The Silva Forest Foundation began in 1992 with the vision of Herb and Susan Hammond for an Earth where people understood that they were part of ecosystems and reliant on ecosystem integrity for human survival. Because of Herb Hammond’s education and experience as a forest ecologist, the primary focus at the beginning was forest ecosystems. As time has passed, SFF has realized that ecosystem-based conservation planning can be applied to any kind of ecosystem—from large to small, terrestrial and marine; and from forest, prairie, desert to urban.
SFF has worked with many communities throughout Canada to create ecosystem-based conservation plans and ecosystem maps. These communities include Harrop-Procter, the Slocan Valley, Creston, the Fraser Headwaters, Yalakom Valley, Cortes Island, Denman Island, the Xeni Gwet’in First Nation, Xaxli’p, Haida Gwaii (all in British Columbia), North Central Saskatchewan, and the Innu Nation (Labrador). Each community uses its plans and maps in ways unique to that community. Harrop-Procter and Creston use the information as the basis for their ongoing community forest operations. Xaxli’p has combined their ecosystem-based plan with their traditional use study to manage a community forest in culturally and ecologically appropriate ways. The Innu Nation used their ecosystem-based and protected areas design mapping to negotiate protection of a large portion of their traditional lands in cultural and ecological reserves, and to apply an ecosystem-based approach to the use of lands outside protected areas.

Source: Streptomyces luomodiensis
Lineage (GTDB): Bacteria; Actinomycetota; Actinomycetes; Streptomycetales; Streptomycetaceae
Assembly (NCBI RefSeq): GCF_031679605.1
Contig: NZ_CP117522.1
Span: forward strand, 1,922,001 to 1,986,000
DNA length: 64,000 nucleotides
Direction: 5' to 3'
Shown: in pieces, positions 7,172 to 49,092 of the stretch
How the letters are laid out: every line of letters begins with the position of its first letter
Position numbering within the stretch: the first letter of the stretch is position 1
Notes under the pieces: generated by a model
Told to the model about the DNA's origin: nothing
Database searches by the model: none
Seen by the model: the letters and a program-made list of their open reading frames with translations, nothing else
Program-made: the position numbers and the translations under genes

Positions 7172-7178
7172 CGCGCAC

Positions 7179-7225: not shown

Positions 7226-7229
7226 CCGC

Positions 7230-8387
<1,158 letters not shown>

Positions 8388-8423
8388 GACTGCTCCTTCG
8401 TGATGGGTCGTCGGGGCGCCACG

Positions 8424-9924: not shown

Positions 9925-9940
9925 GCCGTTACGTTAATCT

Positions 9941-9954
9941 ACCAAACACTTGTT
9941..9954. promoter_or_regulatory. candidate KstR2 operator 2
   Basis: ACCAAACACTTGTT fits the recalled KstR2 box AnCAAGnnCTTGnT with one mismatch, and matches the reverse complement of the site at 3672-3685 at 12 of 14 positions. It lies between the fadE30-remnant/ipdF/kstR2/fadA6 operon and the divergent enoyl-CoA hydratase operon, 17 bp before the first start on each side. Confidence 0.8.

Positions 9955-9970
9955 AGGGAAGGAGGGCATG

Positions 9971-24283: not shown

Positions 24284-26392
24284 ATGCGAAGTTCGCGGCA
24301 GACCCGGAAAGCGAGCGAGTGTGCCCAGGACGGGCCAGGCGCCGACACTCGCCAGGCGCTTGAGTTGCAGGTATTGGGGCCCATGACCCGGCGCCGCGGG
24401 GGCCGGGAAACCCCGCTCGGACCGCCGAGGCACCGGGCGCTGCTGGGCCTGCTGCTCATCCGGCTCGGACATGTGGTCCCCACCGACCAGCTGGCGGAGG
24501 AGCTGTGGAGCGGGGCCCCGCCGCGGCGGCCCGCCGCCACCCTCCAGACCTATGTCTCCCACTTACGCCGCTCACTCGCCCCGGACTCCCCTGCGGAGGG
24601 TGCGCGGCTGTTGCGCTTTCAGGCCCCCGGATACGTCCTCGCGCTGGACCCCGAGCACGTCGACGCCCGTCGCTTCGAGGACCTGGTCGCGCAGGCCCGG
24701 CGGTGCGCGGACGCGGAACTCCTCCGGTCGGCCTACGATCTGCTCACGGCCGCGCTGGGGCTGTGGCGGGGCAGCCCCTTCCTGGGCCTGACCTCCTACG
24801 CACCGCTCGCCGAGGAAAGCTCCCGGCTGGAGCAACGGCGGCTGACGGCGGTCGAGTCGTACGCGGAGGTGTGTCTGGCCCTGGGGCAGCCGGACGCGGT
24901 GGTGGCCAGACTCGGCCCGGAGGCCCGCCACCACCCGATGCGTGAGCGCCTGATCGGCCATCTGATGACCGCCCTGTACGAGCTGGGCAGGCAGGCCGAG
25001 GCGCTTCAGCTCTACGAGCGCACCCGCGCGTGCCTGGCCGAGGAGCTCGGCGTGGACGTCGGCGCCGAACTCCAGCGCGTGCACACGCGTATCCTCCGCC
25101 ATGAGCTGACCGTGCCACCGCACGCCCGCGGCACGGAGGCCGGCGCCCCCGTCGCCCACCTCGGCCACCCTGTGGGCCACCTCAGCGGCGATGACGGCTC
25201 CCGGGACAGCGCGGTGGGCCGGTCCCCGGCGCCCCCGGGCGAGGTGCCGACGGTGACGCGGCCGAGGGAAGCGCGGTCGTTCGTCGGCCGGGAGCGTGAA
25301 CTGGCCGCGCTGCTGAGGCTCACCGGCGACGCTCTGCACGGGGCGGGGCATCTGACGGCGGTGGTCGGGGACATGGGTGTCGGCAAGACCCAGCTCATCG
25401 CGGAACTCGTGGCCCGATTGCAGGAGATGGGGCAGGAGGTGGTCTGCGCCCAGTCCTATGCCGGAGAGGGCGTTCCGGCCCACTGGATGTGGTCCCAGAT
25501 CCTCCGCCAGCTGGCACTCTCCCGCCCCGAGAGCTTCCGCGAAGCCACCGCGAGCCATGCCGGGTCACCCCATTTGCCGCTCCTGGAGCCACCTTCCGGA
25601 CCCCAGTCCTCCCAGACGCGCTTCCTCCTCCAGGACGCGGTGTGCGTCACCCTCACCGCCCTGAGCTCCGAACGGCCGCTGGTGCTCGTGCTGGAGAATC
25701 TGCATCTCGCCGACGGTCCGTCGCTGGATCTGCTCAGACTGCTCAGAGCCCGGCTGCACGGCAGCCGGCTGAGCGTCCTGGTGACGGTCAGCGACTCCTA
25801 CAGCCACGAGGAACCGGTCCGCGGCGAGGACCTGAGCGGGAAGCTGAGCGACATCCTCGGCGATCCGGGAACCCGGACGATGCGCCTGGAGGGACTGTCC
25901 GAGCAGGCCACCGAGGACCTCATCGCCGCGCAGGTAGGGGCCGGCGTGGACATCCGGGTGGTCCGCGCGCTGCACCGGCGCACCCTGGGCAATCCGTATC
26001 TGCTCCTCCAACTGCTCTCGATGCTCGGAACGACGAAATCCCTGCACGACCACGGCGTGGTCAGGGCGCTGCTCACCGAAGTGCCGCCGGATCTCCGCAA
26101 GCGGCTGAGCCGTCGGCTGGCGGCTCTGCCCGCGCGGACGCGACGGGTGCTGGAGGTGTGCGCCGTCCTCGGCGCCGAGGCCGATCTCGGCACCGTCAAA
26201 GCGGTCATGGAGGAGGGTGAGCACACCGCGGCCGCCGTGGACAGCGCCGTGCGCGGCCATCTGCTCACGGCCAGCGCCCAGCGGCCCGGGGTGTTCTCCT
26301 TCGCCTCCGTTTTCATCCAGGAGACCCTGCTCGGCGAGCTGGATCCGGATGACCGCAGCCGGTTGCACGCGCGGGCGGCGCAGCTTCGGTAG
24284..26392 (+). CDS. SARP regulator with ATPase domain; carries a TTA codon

As the immediacy and negative effects of global climate change have become abundantly clear, Silva recognizes the important role that ecosystem-based conservation planning plays as a tool to eliminate causes and mitigate the effects of global warming. Ecosystem-based plans maintain or restore natural biodiversity, an important hedge against the impacts of climate change; and maintain or restore natural ecological carbon sequestration and storage.
The Silva Forest Foundation recognizes that diverse, intact natural ecosystems are the foundation for healthy, sustainable communities and their economies. We are working for profound social changes—changes that will take time. SFF’s work is unique in that we work with communities to protect and/or restore the integrity of natural ecosystems and to maintain healthy communities, including diverse local economies. Those who join us in this work are investing in the long-term maintenance of natural ecosystems and the future of healthy rural and First Nations communities.